• Democratic Republic of the Congo, Kahuzi-Biega National Park (Decision 39 COM 7A.5)
  • Democratic Republic of the Congo, Garamba National Park (Decision 39 COM 7A.6)
  • Democratic Republic of the Congo, Salonga National Park (Decision 39 COM 7A.7)
  • Democratic Republic of the Congo, Okapi Wildlife Reserve (Decision 39 COM 7A.8)
  • Egypt, Abu Mena (Decision 39 COM 7A.24)
  • Ethiopia, Simien National Park (Decision 39 COM 7A.10)
  • Georgia, Bagrati Cathedral and Gelati Monastery (Decision 39 COM 7A.40)
  • Georgia, Historical Monuments of Mtskheta (Decision 39 COM 7A.41)
  • Honduras, Río Plátano Biosphere Reserve (Decision 39 COM 7A.20)
  • Indonesia, Tropical Rainforest Heritage of Sumatra (Decision 39 COM 7A.15)
  • Iraq, Ashur (Qal'at Sherqat) (Decision 39 COM 7A.25)
  • Iraq, Samarra Archaeological City (Decision 39 COM 7A.26)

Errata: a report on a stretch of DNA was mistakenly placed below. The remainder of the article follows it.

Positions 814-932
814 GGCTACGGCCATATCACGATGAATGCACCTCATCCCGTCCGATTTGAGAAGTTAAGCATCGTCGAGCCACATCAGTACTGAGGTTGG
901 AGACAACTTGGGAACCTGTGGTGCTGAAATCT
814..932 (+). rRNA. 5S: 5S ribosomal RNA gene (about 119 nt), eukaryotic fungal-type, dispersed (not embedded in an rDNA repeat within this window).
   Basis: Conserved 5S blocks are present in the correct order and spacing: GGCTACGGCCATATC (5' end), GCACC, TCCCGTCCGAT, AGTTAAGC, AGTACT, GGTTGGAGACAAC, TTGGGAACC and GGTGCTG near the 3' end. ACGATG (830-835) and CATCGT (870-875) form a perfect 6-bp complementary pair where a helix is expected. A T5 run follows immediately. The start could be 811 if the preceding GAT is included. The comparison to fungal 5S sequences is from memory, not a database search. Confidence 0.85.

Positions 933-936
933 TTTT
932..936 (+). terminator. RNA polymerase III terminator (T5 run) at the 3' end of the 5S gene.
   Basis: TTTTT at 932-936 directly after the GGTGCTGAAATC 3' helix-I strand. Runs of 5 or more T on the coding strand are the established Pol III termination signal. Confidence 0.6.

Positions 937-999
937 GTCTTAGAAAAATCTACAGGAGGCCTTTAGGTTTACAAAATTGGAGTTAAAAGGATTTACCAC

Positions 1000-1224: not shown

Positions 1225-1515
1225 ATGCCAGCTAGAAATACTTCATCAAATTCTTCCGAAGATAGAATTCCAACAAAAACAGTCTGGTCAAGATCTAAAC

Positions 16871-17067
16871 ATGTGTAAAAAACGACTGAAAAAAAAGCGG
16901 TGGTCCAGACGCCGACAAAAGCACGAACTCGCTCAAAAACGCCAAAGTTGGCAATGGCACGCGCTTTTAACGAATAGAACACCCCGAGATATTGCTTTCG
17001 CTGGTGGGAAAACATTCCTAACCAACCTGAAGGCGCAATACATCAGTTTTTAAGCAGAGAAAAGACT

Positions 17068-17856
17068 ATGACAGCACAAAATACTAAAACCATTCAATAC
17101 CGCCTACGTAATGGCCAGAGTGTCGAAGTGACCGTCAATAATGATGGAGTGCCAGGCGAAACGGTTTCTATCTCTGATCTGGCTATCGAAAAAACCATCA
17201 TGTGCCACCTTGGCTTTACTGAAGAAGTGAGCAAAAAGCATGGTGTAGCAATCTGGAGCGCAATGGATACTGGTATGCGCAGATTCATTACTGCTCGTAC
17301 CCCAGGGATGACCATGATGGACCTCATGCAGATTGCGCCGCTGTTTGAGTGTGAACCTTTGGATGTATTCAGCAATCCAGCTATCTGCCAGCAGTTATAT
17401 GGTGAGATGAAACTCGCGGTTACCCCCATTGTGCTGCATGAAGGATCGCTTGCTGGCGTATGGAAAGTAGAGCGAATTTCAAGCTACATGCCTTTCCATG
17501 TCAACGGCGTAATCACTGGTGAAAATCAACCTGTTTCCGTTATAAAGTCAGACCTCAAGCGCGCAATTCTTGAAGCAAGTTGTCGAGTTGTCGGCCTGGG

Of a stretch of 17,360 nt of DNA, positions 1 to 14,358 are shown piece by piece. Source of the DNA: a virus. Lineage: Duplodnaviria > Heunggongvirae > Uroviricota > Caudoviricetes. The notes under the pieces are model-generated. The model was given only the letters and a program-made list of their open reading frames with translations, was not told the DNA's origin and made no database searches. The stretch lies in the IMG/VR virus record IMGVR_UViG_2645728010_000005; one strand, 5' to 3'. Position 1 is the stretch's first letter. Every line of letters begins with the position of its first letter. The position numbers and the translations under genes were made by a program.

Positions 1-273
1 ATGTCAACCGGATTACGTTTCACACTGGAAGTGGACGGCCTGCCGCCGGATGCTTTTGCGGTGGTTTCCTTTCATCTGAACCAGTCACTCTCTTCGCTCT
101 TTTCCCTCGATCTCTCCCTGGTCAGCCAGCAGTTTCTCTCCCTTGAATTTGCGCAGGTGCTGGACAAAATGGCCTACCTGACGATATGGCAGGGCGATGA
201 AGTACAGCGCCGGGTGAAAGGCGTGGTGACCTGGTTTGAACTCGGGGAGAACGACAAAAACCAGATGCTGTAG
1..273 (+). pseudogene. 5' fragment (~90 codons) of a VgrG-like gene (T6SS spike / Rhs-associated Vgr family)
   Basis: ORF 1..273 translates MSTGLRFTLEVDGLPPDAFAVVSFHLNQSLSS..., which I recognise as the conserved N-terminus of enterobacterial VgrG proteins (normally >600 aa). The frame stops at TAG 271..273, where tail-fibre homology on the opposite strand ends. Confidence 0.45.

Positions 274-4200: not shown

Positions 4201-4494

• Jerusalem, Old City of Jerusalem and its Walls (site proposed by Jordan) (Decision 39 COM 7A.27)
  • Madagascar, Rainforests of the Atsinanana (Decision 39 COM 7A.11)
  • Mali, Timbuktu (Decision 39 COM 7A.21)
  • Mali, Tomb of Askia (Decision 39 COM 7A.22)
  • Niger, Air and Ténéré Natural Reserves (Decision 39 COM 7A.12)
  • Palestine, Birthplace of Jesus: Church of the Nativity and the Pilgrimage Route, Bethlehem (Decision 39 COM 7A.28)
  • Palestine, Palestine: Land of Olives and Vines – Cultural Landscape of Southern Jerusalem, Battir (Decision 39 COM 7A.29)
  • Panama, Fortifications on the Caribbean Side of Panama: Portobelo-San Lorenzo (Decision 39 COM 7A.46)
  • Peru, Chan Chan Archaelogical Zone (Decision 39 COM 7A.47)
  • Senegal, Niokolo-Koba National Park (Decision 39 COM 7A.13)
  • Serbia, Medieval Monuments in Kosovo (Decision 39 COM 7A.42)